DECATUR, Ill. (DTN) -- New herbicide seed traits coming to market this spring have some important footnotes. Vital approvals are still pending for both the dicamba and 2,4-D-tolerant weed control systems being offered by seed companies.
EPA and China continue to influence how and to what extent some of this new technology will be used on a commercial scale in 2016. Here's what you need to know if you lock in seed purchases containing these new traits and if approvals do not materialize before planting.
MONSANTO ROUNDUP READY XTEND WEED CONTROL SYSTEM
-- Roundup Ready 2 Xtend soybean traits offer tolerance to dicamba and glyphosate.
-- Bollgard II XtendFlex cotton traits offer tolerance to dicamba, glyphosate (Roundup) and glufosinate (Liberty).
-- Xtend traits HAVE China import approvals. However, import approvals for this stacked product are pending in the European Union (EU).
-- Monsanto has announced it will sell Roundup Ready 2 Xtend soybeans in 2016. The cotton trait has been on the market since 2015.
-- NO approved dicamba herbicides are available for the Xtend trait system yet for any crops. Monsanto and BASF both have low volatility formulations awaiting EPA clearance.
-- Use of existing dicamba (Clarity) herbicides over the top of the Xtend trait is prohibited.
-- Burndown and pre-emergence applications of dicamba and dicamba tank mixes must follow the current label plant-back restrictions.
-- Monsanto's soybean seed brands will be offering a $5-off per unit discount this year to encourage growers to "experience the germplasm."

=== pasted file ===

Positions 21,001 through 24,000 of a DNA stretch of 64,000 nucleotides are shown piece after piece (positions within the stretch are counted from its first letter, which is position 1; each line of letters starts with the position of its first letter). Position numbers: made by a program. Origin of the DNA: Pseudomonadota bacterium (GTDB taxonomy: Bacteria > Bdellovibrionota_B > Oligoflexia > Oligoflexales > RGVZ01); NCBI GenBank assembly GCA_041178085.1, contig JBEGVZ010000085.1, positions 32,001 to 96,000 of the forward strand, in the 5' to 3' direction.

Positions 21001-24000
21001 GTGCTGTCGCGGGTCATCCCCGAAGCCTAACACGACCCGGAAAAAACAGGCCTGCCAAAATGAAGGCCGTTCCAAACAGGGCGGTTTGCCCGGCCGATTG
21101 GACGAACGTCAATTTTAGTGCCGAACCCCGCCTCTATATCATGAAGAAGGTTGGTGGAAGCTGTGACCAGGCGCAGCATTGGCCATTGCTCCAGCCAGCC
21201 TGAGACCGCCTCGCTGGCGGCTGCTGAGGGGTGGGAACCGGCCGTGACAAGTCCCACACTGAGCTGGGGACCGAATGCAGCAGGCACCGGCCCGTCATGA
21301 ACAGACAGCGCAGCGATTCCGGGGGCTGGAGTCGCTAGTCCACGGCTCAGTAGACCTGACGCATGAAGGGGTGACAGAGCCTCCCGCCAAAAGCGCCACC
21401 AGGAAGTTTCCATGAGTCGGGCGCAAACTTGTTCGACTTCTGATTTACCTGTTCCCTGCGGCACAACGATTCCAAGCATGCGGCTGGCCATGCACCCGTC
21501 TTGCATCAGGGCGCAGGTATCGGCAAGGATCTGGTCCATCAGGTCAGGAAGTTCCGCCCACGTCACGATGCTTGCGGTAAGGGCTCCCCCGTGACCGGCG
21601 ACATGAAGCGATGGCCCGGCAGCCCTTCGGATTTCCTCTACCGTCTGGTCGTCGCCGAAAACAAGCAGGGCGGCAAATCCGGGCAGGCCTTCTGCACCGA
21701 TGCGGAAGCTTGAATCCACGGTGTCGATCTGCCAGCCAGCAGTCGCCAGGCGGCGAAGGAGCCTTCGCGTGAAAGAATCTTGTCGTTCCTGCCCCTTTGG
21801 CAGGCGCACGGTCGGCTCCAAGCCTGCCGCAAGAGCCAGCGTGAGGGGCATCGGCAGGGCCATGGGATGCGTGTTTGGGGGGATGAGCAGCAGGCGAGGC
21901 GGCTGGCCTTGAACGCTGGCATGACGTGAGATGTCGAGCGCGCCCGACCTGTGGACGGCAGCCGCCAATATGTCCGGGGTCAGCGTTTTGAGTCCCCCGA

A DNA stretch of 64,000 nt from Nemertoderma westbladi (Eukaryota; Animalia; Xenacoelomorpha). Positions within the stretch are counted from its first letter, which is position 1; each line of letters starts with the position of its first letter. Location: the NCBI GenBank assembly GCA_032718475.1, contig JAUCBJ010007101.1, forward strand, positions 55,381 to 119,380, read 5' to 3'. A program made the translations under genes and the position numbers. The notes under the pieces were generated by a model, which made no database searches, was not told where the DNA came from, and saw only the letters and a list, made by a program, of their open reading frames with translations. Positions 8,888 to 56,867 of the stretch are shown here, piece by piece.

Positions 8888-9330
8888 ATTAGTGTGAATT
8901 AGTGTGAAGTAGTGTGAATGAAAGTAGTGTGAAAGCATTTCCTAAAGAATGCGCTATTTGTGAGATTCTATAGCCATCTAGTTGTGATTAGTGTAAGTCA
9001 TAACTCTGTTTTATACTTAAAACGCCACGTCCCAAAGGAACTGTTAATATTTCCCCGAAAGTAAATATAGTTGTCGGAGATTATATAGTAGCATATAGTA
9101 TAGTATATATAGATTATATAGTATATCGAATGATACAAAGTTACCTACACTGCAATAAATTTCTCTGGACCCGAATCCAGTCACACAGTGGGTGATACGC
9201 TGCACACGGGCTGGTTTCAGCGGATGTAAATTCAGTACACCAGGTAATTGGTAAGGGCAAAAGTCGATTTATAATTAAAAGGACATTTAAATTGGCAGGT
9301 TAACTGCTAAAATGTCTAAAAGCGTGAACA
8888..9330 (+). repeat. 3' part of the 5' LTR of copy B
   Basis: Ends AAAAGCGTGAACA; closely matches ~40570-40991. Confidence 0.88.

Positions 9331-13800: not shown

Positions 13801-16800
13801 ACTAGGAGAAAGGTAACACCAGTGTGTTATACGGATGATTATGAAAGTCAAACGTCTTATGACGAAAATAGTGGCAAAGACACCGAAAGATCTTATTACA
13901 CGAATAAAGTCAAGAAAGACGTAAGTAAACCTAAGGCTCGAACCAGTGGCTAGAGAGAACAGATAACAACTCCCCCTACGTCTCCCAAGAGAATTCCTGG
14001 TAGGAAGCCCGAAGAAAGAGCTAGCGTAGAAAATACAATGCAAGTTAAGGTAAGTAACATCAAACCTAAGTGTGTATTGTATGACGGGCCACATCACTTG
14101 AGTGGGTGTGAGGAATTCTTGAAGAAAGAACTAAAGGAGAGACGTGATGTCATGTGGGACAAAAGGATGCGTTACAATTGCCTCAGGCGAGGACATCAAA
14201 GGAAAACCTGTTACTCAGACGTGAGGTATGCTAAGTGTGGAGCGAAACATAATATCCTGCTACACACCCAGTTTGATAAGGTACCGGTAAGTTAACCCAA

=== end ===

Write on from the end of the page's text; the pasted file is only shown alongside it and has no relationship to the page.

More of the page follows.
What you need to know:
While Monsanto received the much anticipated import grain and fiber approvals from China earlier this month, there's no approved chemistry to go with the trait at this time. Seed companies are offering Roundup Ready 2 Xtend-tolerant soybeans for 2016 in the U.S. and Canada. Monsanto has announced 70 of its Xtend-brand dicamba-resistant soybean varieties. DuPont Pioneer is releasing 30 new dicamba-tolerant soybean varieties for 2016 and many other trait licensees will offer dicamba varieties.
Understand that unless EPA approves one of the new dicamba herbicides created for this technology, you are planting the equivalent of a Roundup Ready soybean. With no new approvals, soybean growers facing weeds resistant to glyphosate and PPO-inhibitors would still have no post-emergence rescue treatment options to take advantage of the dicamba trait. Xtend cotton growers have the option of using glufosinate where glyphosate resistance is an issue.
One of the advantages to dicamba tolerance is fewer plant-back restrictions in spring. Growers will not have that advantage in 2016 if there is no EPA approved dicamba product. Any burndown and/or pre-emergence dicamba or dicamba tank-mix combinations will be subject to current label restrictions -- whether planting a dicamba tolerant variety or not. For example, a pre-plant application of Clarity to control existing vegetation with one inch of accumulated rainfall requires a waiting interval before planting of 14 days for up to 8 ounces of Clarity and 28 days for up to 16 ounces. These requirements are governed by the herbicide label, not by the soybean variety.
Since Monsanto and BASF have yet to receive approvals for their low-volatility dicamba formulations, it is not known what those labels, if approved, will require with regard to buffer zone or crop set-backs and various other application requirements.
DOW AGROSCIENCES ENLIST WEED CONTROL SYSTEM
-- Enlist corn, cotton and soybeans offer tolerance to 2,4-D and glyphosate. Enlist E3 soybeans and Enlist cotton also have glufosinate (Liberty) tolerance.
-- Enlist traits DO NOT have China approvals.
-- Enlist Duo herbicide, a combination of 2,4-D choline and glyphosate designed to be used with this trait system, HAS approvals in U.S. on corn and soybean in 15 states.